Last Updated on
December 27th, 2023 08:33 am
There’s one aspect of the coronavirus pandemic that’s affecting most of us, but nobody’s talking about: quarantine guilt.
Quarantine guilt comes just as you’re starting to feel slightly calmer. It creeps up on you when you wake up from your lie-in and lingers all day – when you’re checking Instagram, when you’re chatting to your friends – making you feel paranoid and ashamed.
What is quarantine guilt? It’s the feeling that you should be doing something more to better yourself. That you should be keeping up with your friends who are bragging about their daily runs, their freshly cooked meals, their new language skills…
Do these people have a point? Is quarantine a time to work on your goals or a time to relax? Here’s what I think.
Dealing with all this excess time
On one hand, if there’s something you want to achieve, like learning a language, it seems logical to use this time to work towards this ambition.
With the time saved by not physically attending lectures, seminars and social events, you’re likely to be sat twiddling your thumbs some days with not a lot to do.
If this is you, take a look at our list of 25 productive things to do while social distancing.
Alternatively, if you want to use this time to relax, that’s fine too! Chill out, watch films, read books. Ultimately, we are remaining at home to stay safe – not to undertake an expansive self-improvement process.
Some people thrive under stress – others don’t. Both are fine.
If you’re someone who performs well under stressful circumstances, then good for you – that’s great. But most people don’t.
It’s fine either way, so don’t feel pressure to compete with or compare yourself to people who seem to be doing really well during this time.
Even the most productive, happy people will have bad days. Nobody is on top form 24/7. They’re just choosing not to show this side of themselves on social media.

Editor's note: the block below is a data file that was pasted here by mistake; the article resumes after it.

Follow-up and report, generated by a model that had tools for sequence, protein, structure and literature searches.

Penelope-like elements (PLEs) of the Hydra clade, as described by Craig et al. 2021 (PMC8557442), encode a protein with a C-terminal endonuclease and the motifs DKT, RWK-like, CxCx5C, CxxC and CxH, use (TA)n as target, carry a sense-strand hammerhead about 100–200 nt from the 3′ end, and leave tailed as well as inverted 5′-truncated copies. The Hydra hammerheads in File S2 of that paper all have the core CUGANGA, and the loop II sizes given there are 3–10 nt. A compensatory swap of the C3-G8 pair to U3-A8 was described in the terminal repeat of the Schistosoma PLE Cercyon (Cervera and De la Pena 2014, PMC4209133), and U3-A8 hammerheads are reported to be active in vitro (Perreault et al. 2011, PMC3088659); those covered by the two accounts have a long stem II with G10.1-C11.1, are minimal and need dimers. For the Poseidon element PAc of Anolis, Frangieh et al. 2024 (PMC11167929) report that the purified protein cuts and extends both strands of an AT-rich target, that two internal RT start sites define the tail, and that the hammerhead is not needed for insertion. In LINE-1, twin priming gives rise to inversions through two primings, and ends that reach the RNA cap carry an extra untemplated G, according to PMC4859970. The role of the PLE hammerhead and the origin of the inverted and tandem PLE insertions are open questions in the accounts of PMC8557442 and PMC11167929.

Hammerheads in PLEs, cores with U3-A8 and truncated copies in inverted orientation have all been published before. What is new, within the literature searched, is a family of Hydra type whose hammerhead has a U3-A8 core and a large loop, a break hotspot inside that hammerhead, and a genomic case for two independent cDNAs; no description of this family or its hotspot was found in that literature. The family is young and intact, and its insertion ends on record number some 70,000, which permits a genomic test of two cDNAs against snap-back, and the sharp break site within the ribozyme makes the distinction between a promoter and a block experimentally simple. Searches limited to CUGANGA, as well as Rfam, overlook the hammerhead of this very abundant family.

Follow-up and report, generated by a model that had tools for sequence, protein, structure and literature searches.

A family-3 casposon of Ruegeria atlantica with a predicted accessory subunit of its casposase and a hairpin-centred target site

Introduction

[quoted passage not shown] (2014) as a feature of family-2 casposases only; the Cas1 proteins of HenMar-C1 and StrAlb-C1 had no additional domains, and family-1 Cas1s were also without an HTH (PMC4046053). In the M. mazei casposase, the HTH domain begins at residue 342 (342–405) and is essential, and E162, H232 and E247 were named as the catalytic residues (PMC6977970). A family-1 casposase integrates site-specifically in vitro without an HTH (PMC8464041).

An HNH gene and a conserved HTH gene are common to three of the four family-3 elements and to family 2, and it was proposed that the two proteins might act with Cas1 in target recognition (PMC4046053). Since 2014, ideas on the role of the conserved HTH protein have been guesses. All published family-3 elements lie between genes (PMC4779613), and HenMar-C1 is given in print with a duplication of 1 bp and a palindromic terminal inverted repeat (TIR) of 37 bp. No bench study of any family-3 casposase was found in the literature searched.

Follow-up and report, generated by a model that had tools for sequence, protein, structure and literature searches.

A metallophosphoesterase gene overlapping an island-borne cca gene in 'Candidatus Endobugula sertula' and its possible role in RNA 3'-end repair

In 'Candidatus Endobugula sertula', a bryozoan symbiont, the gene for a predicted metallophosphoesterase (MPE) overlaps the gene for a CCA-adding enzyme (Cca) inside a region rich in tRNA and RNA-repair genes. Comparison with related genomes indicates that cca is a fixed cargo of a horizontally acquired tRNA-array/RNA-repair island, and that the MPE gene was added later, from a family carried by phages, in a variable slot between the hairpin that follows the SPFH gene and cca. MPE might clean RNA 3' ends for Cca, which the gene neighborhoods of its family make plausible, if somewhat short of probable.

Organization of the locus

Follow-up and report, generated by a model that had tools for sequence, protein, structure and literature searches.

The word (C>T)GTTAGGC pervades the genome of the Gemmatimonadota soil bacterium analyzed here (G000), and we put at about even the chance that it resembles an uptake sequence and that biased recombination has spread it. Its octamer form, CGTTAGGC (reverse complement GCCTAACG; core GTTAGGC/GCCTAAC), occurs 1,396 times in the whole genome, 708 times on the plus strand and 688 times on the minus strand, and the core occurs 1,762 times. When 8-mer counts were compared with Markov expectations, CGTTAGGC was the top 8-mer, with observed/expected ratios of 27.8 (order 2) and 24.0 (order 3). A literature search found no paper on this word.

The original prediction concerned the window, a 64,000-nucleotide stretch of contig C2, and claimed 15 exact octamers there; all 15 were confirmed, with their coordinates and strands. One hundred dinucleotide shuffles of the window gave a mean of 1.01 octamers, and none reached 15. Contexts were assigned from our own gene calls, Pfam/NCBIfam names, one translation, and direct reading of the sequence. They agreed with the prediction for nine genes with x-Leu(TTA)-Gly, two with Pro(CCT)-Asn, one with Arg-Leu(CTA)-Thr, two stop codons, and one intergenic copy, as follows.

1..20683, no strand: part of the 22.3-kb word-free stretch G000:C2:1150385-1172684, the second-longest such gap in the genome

Staying healthy and keeping your mental health in check is an achievement in itself
It’s completely normal to feel anxious about what’s happening in these abnormal times. However, this anxiety can affect some people more severely than others.
If you suffer from anxiety, the National Health Service (NHS) suggests trying to focus on what you can control, who you speak to and where and how often you get information about the coronavirus. The NHS gives tips on handling anxiety here.
It’s important to let yourself be sad when you feel it, as well as allowing yourself to appreciate the happier moments of your day.
Exercise is important – but don’t punish yourself
We all know that there are plenty of benefits of exercise. Exercise can help with sleep by helping you to relieve some of the tension built up over the day. Exercise has also been proven to decrease stress, anxiety and depression. Of course, it also benefits your physical health, helping your cardiovascular system work more efficiently.
However, motivating yourself to actually do some exercise can be a bit of a drag. The trick is not to view it as a chore, but to come up with some new and creative ways to get active: whether that’s having a dance, walking the dog, or cleaning the house. If it gets your heart rate up a bit, you’re on the right track.
Do whatever makes you feel happy and safe. No-one is going to judge you on what you have or haven’t achieved. It’s a global pandemic – you don’t have to be okay all of the time.
Remember: everyone is worried, everyone is scared – we’re all in this together.
Here are a few things I find relaxing when I’m having an off day:
- Having a long bath with bubbles and a candle
- Reading a book (anything by Nora Ephron is my personal go to)
- Re-watching a TV show from my childhood/ teenage years (such as Gossip Girl, Victorious, Doctor Who or Gilmore Girls)
- Calling my mum or my best friend
- Sipping a frothy coffee while watching birds outside the window
- Writing something. Anything. Bonus points if it’s rubbish.